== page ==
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Prior experiences of endoparasitoids affect their ability to discriminate NPV-infected from non-infested caterpillars
- Wan, Nian-Feng, Yang, Jun-Hua, Zhang, Hao, Wang, Jin-Yan, Chen, Yi-Juan, Ji, Xiang-Yun, Jiang, Jie-Xian
- Biological control 2019 v.128 pp. 64-75
- Baculoviridae, Microplitis, Spodoptera exigua, biological control, biological control agents, endoparasitoids, hosts, insect larvae, learning, oviposition, parasitic wasps, parasitism, viruses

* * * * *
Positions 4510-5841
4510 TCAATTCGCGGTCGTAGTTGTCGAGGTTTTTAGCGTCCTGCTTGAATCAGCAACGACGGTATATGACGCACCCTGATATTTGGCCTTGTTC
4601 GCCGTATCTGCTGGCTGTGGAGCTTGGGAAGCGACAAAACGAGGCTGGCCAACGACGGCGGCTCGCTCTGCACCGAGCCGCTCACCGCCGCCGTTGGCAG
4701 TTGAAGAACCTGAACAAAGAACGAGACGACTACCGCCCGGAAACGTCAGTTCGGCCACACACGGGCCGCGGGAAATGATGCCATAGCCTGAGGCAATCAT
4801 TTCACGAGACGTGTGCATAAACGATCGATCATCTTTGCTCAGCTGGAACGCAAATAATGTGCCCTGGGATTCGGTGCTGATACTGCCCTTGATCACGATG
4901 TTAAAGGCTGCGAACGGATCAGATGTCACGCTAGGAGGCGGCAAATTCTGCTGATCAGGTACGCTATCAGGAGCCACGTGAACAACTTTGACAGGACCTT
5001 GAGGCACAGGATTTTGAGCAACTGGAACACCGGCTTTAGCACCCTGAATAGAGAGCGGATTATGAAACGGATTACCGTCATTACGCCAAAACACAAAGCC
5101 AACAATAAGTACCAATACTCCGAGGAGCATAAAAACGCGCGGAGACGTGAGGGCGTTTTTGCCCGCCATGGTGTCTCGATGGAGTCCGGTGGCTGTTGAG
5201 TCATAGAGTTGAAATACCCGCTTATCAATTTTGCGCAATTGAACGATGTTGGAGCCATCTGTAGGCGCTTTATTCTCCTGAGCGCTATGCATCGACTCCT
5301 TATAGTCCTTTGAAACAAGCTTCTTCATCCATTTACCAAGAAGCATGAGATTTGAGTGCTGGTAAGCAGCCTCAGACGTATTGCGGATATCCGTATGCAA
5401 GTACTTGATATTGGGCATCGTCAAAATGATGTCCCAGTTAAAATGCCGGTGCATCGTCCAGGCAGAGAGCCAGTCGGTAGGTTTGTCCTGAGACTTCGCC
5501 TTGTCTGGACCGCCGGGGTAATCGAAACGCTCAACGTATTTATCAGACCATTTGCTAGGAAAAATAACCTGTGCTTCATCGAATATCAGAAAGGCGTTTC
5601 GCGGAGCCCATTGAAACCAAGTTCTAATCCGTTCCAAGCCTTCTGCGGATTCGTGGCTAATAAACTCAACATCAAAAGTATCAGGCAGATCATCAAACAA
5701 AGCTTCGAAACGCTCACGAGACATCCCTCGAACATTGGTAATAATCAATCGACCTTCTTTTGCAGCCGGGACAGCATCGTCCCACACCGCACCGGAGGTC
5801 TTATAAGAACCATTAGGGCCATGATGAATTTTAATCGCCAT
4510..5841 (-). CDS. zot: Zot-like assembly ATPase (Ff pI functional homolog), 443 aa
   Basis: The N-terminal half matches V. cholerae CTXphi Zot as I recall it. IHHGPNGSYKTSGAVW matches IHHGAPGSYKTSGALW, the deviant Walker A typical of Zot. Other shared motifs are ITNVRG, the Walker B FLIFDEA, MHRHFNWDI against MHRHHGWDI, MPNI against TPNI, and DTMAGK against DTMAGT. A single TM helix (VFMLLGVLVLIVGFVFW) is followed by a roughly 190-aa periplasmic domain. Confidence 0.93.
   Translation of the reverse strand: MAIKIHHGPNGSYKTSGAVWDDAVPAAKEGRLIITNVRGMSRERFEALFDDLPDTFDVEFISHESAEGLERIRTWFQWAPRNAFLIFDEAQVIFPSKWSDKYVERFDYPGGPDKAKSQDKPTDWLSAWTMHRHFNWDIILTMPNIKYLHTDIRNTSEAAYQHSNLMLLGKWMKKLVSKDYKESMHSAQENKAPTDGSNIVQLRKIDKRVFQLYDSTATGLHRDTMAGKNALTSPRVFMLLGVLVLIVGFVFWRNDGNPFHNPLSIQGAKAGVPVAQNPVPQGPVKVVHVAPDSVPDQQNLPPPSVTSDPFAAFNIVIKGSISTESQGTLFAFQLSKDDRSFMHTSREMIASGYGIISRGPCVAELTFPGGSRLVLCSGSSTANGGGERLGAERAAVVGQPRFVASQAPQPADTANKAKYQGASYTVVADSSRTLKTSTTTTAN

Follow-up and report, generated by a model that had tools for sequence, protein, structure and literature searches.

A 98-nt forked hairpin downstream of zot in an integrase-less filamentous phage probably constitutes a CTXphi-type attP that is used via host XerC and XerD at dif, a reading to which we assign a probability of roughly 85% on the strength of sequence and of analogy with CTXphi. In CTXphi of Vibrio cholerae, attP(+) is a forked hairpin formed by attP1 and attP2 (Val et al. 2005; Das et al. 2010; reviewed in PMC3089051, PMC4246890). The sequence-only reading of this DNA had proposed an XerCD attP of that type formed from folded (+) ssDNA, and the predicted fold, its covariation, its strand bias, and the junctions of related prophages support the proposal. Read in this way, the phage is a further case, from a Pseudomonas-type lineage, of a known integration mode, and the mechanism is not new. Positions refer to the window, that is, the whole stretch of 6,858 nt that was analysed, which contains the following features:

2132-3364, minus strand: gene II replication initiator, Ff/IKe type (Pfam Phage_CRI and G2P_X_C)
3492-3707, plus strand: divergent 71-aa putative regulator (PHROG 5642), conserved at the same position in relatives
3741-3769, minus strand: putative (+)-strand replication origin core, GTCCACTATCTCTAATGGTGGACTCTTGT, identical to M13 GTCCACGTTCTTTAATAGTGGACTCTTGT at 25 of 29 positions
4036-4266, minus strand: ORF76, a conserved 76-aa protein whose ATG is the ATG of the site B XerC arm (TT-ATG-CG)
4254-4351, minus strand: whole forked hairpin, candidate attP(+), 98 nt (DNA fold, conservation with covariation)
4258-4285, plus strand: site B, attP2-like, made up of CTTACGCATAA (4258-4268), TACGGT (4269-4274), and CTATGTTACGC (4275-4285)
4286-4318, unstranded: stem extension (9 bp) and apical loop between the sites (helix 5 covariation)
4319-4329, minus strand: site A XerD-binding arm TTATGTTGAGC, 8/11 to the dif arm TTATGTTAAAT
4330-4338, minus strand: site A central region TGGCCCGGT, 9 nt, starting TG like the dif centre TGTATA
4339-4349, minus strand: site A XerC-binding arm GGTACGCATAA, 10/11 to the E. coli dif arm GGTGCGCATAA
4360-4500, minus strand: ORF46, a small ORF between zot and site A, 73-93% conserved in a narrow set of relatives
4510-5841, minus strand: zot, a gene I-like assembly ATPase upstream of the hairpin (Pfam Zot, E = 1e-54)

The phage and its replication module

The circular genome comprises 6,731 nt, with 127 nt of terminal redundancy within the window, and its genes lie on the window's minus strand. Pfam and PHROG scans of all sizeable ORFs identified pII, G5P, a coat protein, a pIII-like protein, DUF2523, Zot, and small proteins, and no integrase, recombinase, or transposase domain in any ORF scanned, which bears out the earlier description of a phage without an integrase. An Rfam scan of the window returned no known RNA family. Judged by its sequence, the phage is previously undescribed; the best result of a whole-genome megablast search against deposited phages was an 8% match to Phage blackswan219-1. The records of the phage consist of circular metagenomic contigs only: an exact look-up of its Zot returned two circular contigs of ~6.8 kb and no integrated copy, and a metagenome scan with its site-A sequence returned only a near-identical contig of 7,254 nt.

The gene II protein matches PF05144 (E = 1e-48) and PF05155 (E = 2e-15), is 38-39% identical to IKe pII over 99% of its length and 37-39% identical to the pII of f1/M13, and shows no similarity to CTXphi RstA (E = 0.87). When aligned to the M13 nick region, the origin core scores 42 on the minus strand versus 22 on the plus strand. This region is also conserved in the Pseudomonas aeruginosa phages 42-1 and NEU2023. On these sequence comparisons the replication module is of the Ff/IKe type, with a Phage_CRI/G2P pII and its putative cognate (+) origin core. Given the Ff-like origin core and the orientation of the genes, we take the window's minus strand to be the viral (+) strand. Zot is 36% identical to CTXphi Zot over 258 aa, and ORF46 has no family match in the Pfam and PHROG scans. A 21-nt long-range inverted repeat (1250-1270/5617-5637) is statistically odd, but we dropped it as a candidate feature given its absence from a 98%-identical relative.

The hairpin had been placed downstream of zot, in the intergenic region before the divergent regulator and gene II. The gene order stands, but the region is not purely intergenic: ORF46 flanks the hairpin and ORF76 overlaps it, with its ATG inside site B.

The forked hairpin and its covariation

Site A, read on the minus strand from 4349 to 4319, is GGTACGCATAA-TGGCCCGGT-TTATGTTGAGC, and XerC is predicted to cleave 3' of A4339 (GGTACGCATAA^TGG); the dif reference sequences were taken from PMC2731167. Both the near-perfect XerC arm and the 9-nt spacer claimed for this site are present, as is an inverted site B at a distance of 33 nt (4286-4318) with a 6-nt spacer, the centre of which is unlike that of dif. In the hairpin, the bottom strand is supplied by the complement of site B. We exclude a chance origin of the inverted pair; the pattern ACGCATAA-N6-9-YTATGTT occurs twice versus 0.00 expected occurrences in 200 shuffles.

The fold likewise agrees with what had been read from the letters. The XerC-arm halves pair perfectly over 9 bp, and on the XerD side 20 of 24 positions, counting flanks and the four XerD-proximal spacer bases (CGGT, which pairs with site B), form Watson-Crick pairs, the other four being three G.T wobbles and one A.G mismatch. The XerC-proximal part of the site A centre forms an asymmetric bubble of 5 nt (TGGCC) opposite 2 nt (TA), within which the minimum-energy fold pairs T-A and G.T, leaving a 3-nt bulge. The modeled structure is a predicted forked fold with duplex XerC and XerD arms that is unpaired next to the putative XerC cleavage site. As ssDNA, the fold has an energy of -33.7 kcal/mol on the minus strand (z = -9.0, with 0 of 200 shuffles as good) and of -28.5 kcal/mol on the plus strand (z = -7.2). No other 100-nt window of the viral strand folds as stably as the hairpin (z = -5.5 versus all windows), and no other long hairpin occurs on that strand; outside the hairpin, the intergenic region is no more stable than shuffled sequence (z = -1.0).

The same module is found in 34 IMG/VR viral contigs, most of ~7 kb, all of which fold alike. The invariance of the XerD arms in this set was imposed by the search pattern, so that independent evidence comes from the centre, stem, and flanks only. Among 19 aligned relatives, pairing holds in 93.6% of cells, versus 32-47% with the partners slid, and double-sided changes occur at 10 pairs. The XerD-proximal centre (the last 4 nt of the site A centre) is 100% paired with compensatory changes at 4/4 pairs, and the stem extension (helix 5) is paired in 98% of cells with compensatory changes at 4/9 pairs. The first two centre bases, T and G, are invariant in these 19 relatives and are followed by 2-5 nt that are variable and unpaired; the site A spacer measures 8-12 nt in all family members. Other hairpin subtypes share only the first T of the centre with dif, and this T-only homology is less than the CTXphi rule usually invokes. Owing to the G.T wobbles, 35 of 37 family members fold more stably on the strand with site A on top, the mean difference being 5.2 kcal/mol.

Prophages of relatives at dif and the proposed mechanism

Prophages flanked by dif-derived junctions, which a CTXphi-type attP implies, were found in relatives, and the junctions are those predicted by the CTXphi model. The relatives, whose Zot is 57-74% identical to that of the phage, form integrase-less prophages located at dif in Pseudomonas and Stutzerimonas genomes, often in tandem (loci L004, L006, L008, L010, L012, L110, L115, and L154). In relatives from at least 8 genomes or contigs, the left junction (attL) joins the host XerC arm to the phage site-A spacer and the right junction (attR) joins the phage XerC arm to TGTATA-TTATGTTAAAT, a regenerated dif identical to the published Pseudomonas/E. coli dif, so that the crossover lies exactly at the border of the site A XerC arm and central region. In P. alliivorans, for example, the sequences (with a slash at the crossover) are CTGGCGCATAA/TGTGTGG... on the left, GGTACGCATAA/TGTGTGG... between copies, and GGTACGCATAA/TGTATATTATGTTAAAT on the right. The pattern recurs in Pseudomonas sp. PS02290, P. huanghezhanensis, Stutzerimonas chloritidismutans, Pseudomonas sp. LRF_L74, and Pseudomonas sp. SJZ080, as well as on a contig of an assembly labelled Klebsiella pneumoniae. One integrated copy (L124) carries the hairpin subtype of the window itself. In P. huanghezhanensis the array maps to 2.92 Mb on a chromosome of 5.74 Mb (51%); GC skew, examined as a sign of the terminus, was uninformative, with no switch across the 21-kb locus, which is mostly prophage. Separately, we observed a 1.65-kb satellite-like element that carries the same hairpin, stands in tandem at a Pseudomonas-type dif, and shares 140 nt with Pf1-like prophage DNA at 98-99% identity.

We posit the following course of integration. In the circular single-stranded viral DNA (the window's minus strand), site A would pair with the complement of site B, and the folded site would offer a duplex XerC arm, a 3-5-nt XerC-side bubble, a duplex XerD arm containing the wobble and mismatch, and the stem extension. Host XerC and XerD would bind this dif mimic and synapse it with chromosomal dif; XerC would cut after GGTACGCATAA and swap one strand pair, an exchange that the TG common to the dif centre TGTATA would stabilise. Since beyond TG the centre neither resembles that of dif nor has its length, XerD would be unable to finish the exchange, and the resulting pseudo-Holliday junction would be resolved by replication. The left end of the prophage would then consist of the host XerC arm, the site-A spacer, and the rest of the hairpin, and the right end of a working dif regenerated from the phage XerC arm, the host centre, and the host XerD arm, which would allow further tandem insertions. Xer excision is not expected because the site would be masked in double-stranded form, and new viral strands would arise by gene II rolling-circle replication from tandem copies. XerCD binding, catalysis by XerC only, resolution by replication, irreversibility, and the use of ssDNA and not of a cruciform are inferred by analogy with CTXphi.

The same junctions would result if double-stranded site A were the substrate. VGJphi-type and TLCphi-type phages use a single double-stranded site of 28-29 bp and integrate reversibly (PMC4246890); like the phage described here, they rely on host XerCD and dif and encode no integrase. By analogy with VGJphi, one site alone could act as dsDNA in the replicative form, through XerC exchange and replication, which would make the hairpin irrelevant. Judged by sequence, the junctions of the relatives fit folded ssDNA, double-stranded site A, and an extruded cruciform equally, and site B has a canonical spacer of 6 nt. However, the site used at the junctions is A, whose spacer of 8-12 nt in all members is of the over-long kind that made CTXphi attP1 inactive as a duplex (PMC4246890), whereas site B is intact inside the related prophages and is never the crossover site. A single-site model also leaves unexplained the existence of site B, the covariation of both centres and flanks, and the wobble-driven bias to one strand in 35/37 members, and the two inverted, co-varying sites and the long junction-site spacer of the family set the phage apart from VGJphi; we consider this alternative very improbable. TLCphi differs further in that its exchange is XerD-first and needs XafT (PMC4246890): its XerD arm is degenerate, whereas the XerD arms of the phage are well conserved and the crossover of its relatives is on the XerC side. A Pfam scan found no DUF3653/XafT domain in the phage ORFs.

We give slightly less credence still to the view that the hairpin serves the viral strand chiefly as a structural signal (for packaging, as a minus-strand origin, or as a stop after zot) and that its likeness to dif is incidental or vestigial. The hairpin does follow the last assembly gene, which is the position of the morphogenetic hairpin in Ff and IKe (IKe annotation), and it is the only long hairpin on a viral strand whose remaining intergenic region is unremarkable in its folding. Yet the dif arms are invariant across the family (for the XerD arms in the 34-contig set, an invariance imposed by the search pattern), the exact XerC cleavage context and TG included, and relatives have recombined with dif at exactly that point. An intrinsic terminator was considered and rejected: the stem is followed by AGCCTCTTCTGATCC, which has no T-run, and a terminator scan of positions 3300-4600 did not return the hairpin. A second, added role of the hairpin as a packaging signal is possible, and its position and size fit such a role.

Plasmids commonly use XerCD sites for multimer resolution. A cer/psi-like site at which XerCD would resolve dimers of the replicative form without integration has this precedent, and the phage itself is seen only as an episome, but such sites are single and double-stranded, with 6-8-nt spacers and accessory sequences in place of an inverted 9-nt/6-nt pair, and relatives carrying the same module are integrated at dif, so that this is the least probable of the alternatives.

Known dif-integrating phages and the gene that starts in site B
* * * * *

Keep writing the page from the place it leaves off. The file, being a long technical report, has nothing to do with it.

- Nucleopolyhedrovirus (NPV) and parasitic wasps are two important biological control agents of lepidoptera caterpillars, and the compatibility of parasitism and NPV infection remains a complicated process. In this study, we examined the effects of different learning experiences by the endoparasitoid Microplitis pallidipes on their ability to discriminate NPV-infected from healthy caterpillars (larvae of beet armyworm, Spodoptera exigua). Compared to the parasitoids with no prior host contact (control), parasitoids with oviposition experience with healthy caterpillars had shorter searching time, shorter attacking time, a greater number of attacks, higher parasitism rate and greater comprehensive discrimination ability to both non-infected and NPV-infected caterpillars. They also had a higher percentage of first attacks on non-infected caterpillars than NPV-infected caterpillars, and these differences were more obvious with increasing time post-virus-inoculation. However, the values of these six host-discrimination indicators on NPV-infected caterpillars were not significant between the control parasitoids and parasitoids with oviposition experience on NPV-infected caterpillars from hours 24 to 96 after virus inoculation. Compared to parasitoids with oviposition experience on healthy caterpillars, parasitoids with oviposition experience on NPV-infected caterpillars generally had longer searching time, longer attacking time, fewer attacks, lower parasitism rate, and lower comprehensive discrimination ability to both non-infected and NPV-infected caterpillars, and a lower percentage of first attacks on non-infected vs. NPV-infected caterpillars. These results suggest that experience with healthy hosts helps parasitoids distinguish NPV-infected caterpillars from healthy caterpillars, but that experience with NPV-infected caterpillars did not convey the same discrimination ability.